Bailing out euro
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The strongest rally in two months by the Indian stock markets on Friday is part of the cheerful reaction in Asian markets to the European Central Bank's announcement of an unlimited buyout of bonds of struggling European economies. The rupee too moved up against the US dollar, mirroring the upbeat expectations in Asia about the impact on trade with Europe. The hope, all around, is that this plan will work.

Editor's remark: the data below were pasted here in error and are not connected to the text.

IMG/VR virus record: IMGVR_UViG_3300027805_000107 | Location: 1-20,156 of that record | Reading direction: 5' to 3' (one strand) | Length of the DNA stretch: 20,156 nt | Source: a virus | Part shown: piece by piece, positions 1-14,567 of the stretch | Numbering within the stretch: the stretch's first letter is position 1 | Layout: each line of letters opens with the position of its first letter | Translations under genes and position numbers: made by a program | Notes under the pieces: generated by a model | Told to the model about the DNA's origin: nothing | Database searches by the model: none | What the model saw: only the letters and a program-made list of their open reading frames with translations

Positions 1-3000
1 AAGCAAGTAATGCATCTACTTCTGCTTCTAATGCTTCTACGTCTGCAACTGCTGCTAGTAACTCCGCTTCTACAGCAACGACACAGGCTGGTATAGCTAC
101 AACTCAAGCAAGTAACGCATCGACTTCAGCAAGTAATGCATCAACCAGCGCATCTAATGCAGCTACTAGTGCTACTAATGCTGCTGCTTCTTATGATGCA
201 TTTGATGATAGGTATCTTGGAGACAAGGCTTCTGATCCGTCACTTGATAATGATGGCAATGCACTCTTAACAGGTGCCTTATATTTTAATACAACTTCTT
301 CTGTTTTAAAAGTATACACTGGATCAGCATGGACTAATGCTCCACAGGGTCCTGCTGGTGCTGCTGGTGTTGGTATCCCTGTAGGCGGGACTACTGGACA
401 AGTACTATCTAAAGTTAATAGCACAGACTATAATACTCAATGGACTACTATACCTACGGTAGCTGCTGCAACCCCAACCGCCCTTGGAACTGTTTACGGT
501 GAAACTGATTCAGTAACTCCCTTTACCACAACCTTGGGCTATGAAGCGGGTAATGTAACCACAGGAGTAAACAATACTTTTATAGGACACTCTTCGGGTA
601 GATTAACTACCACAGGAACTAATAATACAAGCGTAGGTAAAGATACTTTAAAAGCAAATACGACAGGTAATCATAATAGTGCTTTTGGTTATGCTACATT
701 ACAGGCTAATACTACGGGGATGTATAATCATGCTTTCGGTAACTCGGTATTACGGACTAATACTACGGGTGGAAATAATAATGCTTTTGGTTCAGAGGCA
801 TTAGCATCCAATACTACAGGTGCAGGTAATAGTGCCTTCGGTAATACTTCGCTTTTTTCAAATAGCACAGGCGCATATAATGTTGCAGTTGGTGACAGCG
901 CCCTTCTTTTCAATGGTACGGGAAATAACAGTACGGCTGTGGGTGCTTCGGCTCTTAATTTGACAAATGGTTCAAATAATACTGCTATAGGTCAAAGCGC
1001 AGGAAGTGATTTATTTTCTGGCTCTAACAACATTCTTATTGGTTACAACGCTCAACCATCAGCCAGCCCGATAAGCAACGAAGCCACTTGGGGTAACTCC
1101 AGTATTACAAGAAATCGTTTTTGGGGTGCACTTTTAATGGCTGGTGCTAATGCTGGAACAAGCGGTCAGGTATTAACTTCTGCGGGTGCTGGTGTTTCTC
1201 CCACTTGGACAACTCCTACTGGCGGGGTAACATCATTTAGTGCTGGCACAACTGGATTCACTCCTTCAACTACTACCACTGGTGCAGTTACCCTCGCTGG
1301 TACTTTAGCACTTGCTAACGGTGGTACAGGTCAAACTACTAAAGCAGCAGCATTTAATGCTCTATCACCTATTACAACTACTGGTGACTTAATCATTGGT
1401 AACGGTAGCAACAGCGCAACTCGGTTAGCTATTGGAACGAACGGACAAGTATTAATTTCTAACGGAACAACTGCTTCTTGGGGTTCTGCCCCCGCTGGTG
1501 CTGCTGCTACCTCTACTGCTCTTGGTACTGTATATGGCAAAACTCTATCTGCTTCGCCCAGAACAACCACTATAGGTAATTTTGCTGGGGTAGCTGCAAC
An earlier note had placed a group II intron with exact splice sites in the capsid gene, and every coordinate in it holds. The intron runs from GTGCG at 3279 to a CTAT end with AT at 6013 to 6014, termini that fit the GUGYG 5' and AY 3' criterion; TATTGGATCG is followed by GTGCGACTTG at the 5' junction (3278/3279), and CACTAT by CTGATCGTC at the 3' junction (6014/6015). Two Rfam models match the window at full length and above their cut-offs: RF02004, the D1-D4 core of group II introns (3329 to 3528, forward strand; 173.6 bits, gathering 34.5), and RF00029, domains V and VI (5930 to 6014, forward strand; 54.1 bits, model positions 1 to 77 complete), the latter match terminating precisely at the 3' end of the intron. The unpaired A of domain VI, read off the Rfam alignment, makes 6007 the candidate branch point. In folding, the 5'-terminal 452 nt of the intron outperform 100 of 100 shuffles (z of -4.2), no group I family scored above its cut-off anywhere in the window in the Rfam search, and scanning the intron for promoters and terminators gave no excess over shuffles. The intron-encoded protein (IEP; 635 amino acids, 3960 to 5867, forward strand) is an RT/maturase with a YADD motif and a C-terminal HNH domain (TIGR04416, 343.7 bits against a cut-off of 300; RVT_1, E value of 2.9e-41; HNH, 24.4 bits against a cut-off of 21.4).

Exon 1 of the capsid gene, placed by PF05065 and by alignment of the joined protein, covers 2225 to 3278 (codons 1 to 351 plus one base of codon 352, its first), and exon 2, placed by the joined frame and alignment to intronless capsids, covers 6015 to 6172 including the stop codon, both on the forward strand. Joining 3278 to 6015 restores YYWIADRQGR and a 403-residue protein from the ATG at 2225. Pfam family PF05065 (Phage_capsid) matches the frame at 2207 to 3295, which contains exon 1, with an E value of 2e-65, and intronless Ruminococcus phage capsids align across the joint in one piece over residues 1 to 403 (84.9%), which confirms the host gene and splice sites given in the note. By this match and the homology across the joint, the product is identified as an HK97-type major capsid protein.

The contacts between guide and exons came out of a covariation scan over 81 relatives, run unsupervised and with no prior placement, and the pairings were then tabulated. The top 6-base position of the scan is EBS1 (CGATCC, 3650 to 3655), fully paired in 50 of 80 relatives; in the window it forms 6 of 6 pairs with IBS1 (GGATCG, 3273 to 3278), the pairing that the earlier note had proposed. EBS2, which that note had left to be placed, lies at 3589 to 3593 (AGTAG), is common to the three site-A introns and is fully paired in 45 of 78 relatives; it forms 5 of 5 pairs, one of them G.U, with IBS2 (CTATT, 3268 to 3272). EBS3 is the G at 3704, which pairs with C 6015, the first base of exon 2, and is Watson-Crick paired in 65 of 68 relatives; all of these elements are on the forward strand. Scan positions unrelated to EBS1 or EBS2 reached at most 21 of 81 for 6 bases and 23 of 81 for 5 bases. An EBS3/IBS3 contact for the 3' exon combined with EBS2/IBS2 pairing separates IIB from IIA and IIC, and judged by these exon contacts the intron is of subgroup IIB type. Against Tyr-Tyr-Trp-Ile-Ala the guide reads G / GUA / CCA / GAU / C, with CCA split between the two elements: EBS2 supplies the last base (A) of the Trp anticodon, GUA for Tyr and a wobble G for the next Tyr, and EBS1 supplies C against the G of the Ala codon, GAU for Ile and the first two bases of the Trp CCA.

It needs to. Without naming Germany, ECB President Mario Draghi said it had opposed writing cheques for the unlimited bailout — the only one among member nations to have done so. Draghi, of course, is banking on the expectation that the Outright Monetary Transactions programme, as it is called, will calm the bond markets and stop traders betting against the Spanish bonds. At present, Madrid has to pay a very high interest rate on the bonds it issues, which makes it impossible for Spain to float more papers and difficult to get finance to restart the economy. The ECB backstop potentially reduces the rates. But the extent to which it can do so will remain a question for the bond markets. That and Draghi's affirmation that there will be conditions for the backstop could be a problem for all the PIIGS economies. They have argued that there can be no more cutbacks on government expenditure for social support. The ECB conditions could make matters worse, especially as an internal forecast by the bank of the GDP growth rate for the continent has again slipped back to minus 0.4 per cent.
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